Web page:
D. 51 The Captain with the right hand hook

So I’ve talked a while ago about my body being the stallion and my mind being the rider, and how I need to listen to my body as if I were riding a horse. That is, if I intent to go the distance. I could very well keep burning through my power, and see where that would get me.

Then I figured out that I couldn’t let my body dictate the terms either: if I indulge too much in resting, we’ll get used to moving slowly, and I can’t have that.

All in all, throughout this trip, I have finally managed to get my mind & my body to find a sort of balance between them. But there’s one more lesson I need to learn.

So I wasn’t at the top of my game today, which is the understatement of the year. I had been extremely tired the day before, and both my ears were ringing. When I woke up, the right ear (A-G-A-I-N) felt stiff, swollen, and painful.

I felt it coming though. It was already burning pretty badly the day before, but not yet painful. I am so used to discarding pain, that when I feel something is painful, it’s the sort of pain I cannot ignore anymore.

I guess I got that from the leg muscle-tear I got playing soccer when I was 10 years old. Because all the adults assumed that I was faking it because I hated soccer at school, they kept saying that I was faking it to get out of soccer practice. (I honestly don’t know how they got to this conclusion, since I had been playing soccer with my brothers all the time, and it was about THE ONLY SPORT I actually liked).

I guess I ended up telling myself that I was not really hurt, and I kept walking — or rather, limping on that injured leg for about 2 weeks. Until one morning, I couldn’t take it anymore. I sat up on the stairs of our house, and demanded to see a doctor, refusing to move until promised so. My dad said he would take me after school, so I limped another day on it, until finally, a doctor examined me.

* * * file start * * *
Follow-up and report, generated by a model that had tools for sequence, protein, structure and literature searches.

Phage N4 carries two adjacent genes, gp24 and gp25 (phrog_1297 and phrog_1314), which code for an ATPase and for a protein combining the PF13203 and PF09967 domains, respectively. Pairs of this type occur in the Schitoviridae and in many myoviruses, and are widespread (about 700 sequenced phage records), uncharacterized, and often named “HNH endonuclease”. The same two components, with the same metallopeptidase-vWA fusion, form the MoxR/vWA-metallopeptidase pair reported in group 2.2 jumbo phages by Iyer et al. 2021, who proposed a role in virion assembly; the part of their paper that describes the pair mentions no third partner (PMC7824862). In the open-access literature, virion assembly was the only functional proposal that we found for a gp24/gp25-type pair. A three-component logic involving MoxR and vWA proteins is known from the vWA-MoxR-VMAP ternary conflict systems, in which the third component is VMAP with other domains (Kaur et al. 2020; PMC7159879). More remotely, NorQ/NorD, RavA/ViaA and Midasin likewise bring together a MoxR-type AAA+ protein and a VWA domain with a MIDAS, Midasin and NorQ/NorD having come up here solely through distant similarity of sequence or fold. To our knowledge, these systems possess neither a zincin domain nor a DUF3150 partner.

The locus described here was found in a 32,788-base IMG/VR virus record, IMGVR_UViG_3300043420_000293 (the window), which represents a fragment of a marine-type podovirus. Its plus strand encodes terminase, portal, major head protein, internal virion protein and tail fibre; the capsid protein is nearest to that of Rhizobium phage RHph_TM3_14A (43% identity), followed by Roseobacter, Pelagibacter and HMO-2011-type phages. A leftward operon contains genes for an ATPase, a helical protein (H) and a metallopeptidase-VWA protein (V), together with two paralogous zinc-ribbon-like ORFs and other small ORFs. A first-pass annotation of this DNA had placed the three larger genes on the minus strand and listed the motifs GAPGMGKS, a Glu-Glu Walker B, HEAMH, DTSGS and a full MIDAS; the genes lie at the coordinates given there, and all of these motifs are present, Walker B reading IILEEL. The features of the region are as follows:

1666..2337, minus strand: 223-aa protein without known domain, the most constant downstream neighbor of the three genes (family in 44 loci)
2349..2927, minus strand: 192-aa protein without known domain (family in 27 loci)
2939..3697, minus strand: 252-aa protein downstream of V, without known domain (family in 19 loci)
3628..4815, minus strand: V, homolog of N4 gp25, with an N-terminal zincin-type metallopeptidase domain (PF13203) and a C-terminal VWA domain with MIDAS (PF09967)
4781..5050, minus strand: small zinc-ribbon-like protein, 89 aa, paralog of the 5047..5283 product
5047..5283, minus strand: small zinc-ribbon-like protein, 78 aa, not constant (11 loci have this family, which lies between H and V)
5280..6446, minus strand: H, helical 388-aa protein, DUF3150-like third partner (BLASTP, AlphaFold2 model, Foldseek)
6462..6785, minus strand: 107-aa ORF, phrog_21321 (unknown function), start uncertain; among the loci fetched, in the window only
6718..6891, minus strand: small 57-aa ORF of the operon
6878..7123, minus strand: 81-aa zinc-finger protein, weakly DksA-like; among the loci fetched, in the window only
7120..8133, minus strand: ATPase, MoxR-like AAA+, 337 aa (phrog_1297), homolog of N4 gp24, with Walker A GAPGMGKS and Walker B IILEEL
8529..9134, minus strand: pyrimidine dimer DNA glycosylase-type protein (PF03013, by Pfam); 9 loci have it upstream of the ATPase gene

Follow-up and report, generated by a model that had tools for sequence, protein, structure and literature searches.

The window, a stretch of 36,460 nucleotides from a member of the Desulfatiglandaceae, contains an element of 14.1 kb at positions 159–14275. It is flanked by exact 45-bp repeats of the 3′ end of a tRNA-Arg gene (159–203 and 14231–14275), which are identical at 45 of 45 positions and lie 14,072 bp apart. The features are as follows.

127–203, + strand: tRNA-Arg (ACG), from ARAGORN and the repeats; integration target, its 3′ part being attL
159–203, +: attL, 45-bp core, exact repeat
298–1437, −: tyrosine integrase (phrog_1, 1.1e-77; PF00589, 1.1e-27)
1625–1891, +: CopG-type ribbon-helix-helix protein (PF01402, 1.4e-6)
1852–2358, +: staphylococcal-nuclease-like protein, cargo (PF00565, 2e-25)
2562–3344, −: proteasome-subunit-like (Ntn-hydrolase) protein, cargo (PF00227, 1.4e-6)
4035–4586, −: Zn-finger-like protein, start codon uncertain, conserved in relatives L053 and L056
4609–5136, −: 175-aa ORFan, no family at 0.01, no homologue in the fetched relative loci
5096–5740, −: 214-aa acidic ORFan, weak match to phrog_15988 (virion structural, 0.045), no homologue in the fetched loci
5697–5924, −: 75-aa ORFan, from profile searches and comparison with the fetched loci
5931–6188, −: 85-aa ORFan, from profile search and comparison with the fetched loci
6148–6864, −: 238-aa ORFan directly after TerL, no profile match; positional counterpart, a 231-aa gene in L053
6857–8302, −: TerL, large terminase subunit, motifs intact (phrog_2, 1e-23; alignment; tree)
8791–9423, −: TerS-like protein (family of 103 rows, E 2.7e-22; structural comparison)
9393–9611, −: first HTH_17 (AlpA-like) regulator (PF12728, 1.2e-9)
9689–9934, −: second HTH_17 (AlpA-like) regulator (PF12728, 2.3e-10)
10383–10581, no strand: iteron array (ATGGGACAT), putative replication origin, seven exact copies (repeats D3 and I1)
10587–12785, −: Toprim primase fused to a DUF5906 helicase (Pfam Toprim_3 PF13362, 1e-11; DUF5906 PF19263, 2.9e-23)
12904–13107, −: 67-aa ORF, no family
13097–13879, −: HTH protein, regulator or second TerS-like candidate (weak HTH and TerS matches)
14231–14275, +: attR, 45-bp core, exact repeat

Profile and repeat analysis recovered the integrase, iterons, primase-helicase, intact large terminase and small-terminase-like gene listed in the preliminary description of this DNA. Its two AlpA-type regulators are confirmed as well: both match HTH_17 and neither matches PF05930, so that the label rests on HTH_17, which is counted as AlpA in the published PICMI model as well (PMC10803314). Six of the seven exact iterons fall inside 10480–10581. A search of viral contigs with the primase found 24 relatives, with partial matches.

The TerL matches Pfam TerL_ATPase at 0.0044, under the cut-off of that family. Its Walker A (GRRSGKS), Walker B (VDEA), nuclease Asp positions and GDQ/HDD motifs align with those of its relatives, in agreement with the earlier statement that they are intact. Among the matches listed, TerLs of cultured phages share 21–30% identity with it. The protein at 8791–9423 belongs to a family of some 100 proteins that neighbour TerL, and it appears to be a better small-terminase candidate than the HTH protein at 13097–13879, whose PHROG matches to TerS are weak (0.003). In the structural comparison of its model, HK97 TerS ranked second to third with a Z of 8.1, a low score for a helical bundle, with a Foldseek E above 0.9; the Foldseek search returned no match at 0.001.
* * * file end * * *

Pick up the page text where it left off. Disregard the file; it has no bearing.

What might have been a minor tear if treated & rested properly early on, had become a knee tendinitis, made worse by my constant limping on it.

3 weeks of rest left this knee weaker than the other for years.

I should have learnt then to take care of pain when it first manifests, but I was 10 years old. Instead, I learnt that if it’s anything serious, the pain will come back worse after I have discarded it.

And most of the time, biting through it combined with a little rest usually works. And if it doesn’t, I’m usually the only one to pay the price.

« Usually ». Well. I had to sit the day out yesterday, and we had 8 guests wanting to do a Try Dive. A fourth Divemaster would have been appreciated. Because I was unable to dive, the team had to divide the try divers in 2 groups, and do 2 rotations each.

It’s not the ear that hurt me most yesterday, although the lack of painkillers on the boat made itself sharply obvious. It’s the feeling that I’m letting the team down, and they have to handle double work because I’m out.